On the Estate of Kleonymos. [Or. I.]
Deiniasguardian of claimants, deceased
elder claimantthe speaker
Polyarchos left two children, Kleonymos, and the mother of the claimants. On the death of their father the claimants became the wards of their paternal uncle Deinias1
. They were heirs-at-law of their maternal uncle Kleonymos (§ 4). But Kleonymos, having quarrelled with Deinias, resolved to spite him by disinheriting his wards. He therefore made a will in favour of some remoter
kinsmen,—Poseidippos (§ 4), Diokles (§ 14), Pherenikos and his brothers (§ 45)2
. After the death of Deinias, however, Kleonymos relented. He took charge of his nephews; and in his last illness resolved to cancel his will. With this purpose he sent for the magistrate (ὁ ἀστύνομος
§ 15); but he died before he had seen him.
The claimants contend that the will had been virtually cancelled, and claim as next of kin (κατὰ τὴν ἀγχιστείαν
, § 6). The defendants rely on the will (κατὰ διαθήκην ἀμφισβητοῦσιν
, § 41). The eldest claimant is the speaker.
Benseler places the speech below 360 B. C., and
indeed regards it as one of the latest, because hiatus is avoided with a care, foreign, he thinks, to the earlier manner of Isaeos3
. In the case of Or. VIII., at least, as we shall see, this test hardly holds good. This, however, is a much stronger instance, and the speech may safely be referred to the years 360—353.
‘Kleonymos had intended us to be his heirs: now we are
in court with not only his legacy but our whole fortune at stake. The friends of the defendants recognise our right to at least a share of the legacy; but the defendants themselves, so far from admitting this, seek to deprive us of our very patrimony, on account of alleged debts to Kleonymos (§§ 1—5). We shrink from appearing against kinsmen; the defendants have no such feeling; they have mustered all their forces as against enemies (§§ 6—8).
[Then comes a narrative of the facts, §§ 9—14, supported by witnesses, §§ 15—16.]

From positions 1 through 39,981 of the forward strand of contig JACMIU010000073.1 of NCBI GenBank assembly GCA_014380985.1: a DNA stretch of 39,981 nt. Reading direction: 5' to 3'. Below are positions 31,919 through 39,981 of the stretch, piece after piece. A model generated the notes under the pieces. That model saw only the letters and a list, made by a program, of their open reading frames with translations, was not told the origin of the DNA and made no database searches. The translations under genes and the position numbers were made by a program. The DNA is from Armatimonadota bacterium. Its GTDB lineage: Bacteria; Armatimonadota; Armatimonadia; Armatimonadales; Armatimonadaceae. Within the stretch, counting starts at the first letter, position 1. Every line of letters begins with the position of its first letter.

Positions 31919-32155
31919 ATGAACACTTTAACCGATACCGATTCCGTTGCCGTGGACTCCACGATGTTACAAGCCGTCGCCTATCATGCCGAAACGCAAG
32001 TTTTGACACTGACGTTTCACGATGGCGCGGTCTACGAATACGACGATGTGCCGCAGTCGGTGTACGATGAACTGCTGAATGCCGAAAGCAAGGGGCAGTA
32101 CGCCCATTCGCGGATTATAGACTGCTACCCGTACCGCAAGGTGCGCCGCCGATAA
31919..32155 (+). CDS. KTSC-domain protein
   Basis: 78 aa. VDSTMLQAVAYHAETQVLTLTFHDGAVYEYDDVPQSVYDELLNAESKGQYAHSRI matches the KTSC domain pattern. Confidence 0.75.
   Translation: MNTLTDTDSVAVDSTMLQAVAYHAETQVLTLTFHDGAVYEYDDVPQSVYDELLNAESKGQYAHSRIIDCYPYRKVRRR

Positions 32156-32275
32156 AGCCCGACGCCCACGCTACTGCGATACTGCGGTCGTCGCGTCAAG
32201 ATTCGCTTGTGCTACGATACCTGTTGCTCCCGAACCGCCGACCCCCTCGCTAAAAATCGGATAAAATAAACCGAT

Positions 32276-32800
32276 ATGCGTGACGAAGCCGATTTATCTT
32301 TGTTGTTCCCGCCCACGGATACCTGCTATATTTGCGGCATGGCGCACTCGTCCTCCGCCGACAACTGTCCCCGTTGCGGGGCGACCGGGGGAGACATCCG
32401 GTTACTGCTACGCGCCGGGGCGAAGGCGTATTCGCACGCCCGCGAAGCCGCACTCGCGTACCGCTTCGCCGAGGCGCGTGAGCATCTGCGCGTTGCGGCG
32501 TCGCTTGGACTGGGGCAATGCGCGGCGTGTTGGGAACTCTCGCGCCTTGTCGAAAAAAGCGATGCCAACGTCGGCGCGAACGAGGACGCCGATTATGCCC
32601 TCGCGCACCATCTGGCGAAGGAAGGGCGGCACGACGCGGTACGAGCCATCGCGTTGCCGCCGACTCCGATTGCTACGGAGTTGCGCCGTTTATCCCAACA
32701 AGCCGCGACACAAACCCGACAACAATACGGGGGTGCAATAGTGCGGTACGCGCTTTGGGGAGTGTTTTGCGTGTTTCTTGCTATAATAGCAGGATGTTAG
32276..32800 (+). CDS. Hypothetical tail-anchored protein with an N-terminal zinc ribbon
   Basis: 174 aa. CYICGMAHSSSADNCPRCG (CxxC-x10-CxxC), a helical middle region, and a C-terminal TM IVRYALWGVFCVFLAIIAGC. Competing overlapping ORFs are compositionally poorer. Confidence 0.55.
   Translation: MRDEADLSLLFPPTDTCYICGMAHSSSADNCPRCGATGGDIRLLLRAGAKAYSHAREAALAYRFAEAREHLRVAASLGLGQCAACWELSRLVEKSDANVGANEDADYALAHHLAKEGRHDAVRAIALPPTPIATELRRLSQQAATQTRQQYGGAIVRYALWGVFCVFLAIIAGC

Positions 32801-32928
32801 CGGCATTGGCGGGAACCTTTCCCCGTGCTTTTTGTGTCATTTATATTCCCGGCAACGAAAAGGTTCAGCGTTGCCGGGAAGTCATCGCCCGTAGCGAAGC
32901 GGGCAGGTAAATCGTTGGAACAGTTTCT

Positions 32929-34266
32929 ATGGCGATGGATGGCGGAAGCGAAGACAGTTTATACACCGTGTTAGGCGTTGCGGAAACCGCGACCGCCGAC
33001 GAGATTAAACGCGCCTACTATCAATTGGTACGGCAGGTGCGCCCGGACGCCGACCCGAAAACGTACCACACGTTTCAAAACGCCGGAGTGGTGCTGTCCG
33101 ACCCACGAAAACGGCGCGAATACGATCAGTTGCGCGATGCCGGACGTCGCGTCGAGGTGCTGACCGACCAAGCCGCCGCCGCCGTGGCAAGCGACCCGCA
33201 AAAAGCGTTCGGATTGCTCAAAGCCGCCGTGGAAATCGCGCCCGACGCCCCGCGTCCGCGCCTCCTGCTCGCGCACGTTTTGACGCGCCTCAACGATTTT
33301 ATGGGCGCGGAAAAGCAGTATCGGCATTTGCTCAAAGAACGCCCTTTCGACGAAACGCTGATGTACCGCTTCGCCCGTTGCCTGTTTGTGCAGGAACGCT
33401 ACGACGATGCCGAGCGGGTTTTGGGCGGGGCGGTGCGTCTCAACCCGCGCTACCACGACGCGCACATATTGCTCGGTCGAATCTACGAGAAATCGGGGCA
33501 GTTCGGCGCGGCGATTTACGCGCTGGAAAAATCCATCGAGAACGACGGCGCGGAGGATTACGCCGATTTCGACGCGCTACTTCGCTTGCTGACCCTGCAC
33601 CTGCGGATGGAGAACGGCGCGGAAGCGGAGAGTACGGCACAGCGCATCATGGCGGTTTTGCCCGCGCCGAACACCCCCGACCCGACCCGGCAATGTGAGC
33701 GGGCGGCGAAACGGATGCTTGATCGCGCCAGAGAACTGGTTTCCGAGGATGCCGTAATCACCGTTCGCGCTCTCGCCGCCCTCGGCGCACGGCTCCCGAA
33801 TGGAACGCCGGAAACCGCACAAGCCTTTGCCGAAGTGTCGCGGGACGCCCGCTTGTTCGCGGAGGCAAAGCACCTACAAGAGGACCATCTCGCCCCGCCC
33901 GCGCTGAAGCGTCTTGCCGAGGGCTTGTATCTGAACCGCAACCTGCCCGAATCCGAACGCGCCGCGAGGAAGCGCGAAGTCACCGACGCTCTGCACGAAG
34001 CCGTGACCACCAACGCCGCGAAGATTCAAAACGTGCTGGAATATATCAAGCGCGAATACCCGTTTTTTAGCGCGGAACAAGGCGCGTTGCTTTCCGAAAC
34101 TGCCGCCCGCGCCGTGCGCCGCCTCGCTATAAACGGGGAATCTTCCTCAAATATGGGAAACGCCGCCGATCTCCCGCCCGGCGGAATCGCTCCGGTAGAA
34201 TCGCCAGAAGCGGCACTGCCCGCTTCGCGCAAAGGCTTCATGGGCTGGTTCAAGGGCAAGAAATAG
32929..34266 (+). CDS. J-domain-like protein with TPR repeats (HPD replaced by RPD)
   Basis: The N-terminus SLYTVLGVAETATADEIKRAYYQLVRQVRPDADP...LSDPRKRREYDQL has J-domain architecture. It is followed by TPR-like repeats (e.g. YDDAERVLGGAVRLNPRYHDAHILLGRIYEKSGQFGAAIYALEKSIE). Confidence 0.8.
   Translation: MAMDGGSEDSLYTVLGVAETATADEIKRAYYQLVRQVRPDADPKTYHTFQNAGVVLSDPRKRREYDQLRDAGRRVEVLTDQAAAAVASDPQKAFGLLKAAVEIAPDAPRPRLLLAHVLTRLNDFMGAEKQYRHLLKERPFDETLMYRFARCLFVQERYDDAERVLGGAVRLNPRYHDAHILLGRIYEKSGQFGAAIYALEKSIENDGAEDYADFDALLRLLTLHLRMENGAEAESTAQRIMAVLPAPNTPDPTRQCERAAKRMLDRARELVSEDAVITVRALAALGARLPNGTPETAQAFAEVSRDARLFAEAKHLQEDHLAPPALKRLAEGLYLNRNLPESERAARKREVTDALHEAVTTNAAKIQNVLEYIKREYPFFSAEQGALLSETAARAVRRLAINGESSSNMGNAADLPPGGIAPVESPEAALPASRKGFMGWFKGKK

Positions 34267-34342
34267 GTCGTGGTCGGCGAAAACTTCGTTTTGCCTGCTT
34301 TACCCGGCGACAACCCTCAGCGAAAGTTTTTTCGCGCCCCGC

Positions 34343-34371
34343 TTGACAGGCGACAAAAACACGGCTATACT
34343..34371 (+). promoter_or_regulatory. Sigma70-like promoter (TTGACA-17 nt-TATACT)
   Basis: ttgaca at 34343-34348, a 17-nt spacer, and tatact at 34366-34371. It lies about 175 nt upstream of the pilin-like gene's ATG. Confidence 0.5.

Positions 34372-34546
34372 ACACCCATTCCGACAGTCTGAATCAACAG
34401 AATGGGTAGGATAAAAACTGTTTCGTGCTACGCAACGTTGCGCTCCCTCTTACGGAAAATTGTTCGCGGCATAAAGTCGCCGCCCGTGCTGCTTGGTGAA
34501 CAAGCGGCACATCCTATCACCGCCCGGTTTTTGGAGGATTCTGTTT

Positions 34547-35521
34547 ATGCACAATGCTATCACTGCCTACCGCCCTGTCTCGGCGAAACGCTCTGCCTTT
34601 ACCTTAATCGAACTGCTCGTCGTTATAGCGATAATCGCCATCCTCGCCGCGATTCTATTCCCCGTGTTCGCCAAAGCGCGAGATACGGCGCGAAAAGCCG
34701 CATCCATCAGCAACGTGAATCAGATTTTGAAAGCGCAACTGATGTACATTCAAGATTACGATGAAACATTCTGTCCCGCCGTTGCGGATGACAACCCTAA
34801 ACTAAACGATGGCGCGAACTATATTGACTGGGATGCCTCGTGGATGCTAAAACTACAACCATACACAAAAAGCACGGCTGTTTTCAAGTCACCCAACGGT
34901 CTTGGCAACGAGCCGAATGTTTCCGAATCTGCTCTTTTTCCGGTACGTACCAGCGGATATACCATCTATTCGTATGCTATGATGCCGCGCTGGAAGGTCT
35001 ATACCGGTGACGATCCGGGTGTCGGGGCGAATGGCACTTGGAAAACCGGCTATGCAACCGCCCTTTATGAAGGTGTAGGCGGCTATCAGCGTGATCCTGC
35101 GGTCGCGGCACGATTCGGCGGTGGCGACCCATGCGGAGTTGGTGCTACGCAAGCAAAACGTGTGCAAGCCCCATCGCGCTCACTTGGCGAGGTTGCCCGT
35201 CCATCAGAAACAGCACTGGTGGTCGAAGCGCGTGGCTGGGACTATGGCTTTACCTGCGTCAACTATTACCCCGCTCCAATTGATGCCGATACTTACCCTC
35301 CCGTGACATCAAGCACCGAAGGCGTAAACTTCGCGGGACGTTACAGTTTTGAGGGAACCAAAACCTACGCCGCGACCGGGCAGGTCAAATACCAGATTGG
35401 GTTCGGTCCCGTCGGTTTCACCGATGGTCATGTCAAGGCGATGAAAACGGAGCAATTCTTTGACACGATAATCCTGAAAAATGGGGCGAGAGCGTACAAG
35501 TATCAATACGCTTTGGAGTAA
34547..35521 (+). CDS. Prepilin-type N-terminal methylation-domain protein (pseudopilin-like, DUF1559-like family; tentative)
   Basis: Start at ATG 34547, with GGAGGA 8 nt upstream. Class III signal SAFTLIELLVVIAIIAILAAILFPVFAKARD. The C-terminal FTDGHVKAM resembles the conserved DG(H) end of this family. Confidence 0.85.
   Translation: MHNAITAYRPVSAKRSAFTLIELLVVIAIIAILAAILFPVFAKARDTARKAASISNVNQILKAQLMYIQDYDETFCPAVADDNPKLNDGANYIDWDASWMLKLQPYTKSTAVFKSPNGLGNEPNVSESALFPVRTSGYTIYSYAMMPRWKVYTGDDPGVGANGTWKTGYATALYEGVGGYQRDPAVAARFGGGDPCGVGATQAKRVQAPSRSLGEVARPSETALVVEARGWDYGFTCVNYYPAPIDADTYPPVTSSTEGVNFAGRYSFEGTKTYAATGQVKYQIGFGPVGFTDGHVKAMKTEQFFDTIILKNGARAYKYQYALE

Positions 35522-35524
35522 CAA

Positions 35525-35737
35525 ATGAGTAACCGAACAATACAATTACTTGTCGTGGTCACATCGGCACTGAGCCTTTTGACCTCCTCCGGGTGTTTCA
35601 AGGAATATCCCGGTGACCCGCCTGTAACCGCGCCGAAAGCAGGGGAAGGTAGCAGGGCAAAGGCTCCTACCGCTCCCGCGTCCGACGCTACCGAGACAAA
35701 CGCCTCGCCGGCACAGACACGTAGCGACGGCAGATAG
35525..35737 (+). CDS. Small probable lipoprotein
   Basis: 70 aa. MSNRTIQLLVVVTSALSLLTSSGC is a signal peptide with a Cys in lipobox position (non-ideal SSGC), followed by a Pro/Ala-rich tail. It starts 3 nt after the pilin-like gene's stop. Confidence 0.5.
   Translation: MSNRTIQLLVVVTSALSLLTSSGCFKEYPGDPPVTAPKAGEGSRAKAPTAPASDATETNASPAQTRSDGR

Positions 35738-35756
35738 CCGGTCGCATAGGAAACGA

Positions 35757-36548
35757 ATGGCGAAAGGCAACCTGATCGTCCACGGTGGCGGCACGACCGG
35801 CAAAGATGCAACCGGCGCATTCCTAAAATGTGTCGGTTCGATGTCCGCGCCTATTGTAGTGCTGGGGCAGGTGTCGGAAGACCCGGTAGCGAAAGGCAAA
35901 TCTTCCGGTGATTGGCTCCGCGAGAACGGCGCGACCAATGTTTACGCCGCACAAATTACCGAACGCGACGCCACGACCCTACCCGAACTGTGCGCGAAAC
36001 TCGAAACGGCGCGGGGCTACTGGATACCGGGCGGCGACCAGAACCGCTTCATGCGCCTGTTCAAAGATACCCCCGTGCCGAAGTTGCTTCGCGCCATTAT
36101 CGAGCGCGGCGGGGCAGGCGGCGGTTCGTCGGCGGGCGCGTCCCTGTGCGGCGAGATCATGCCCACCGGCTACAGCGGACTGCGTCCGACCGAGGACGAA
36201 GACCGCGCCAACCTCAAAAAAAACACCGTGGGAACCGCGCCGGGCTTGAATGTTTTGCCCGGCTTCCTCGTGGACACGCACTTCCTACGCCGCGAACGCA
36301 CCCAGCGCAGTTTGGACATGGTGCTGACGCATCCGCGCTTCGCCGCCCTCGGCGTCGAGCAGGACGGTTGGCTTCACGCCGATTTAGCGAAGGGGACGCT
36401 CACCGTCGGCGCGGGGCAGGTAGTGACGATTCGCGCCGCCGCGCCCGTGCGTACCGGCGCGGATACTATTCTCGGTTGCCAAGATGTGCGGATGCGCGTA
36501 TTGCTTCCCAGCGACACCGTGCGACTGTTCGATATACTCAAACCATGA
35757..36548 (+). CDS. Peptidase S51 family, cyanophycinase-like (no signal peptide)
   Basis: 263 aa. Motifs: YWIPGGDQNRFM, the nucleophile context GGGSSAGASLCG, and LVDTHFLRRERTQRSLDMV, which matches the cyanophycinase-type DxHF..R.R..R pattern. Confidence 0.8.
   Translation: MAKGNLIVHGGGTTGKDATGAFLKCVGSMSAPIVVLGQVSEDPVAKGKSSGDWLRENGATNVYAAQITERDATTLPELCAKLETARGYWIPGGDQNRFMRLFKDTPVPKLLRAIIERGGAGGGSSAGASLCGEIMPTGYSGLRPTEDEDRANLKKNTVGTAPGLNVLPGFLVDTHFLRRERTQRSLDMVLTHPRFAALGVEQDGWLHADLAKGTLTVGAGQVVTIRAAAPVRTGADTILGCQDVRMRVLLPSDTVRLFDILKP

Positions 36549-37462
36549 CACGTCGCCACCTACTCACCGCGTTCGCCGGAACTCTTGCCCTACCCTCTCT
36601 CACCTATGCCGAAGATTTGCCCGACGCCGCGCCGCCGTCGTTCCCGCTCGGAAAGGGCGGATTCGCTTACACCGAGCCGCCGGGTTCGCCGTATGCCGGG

‘It is pretended that Kleonymos sent for the magistrate not to cancel but to confirm his will. If, being then on the best terms with us, his nephews, he wished to clinch the wrong which, in a fit of anger, he had once meant to do us, he was mad, and his will ought to be set aside. But that this was not his purpose,—that he meant, not to revise, but to revoke his will,—was shown by the unwillingness of Poseidippos and Diokles to admit the magistrate (§§ 17—24). Besides, a mere correction or addition might have been made on a new tablet; by sending for the original document Kleonymos showed that he desired some substantial alteration (24—26). Not only on grounds of kinship but also on grounds of friendship Kleonymos was more likely to have left his property to us than to the defendants (§§ 27—38). There is always a presumption for claimants by blood as against claimants by will (§§ 41—43). Again, take the test of reciprocal obligation: if Kleonymos had died leaving daughters unprovided for, we, not the defendants, would have been liable to provide for them (§§ 39, 40). Or, if the defendants and we had alike died without issue, Kleonymos would have been heir, not to them, but to us (§§ 44— 47). Either the testator was of unsound mind, or we are the heirs’ (§§ 48—51).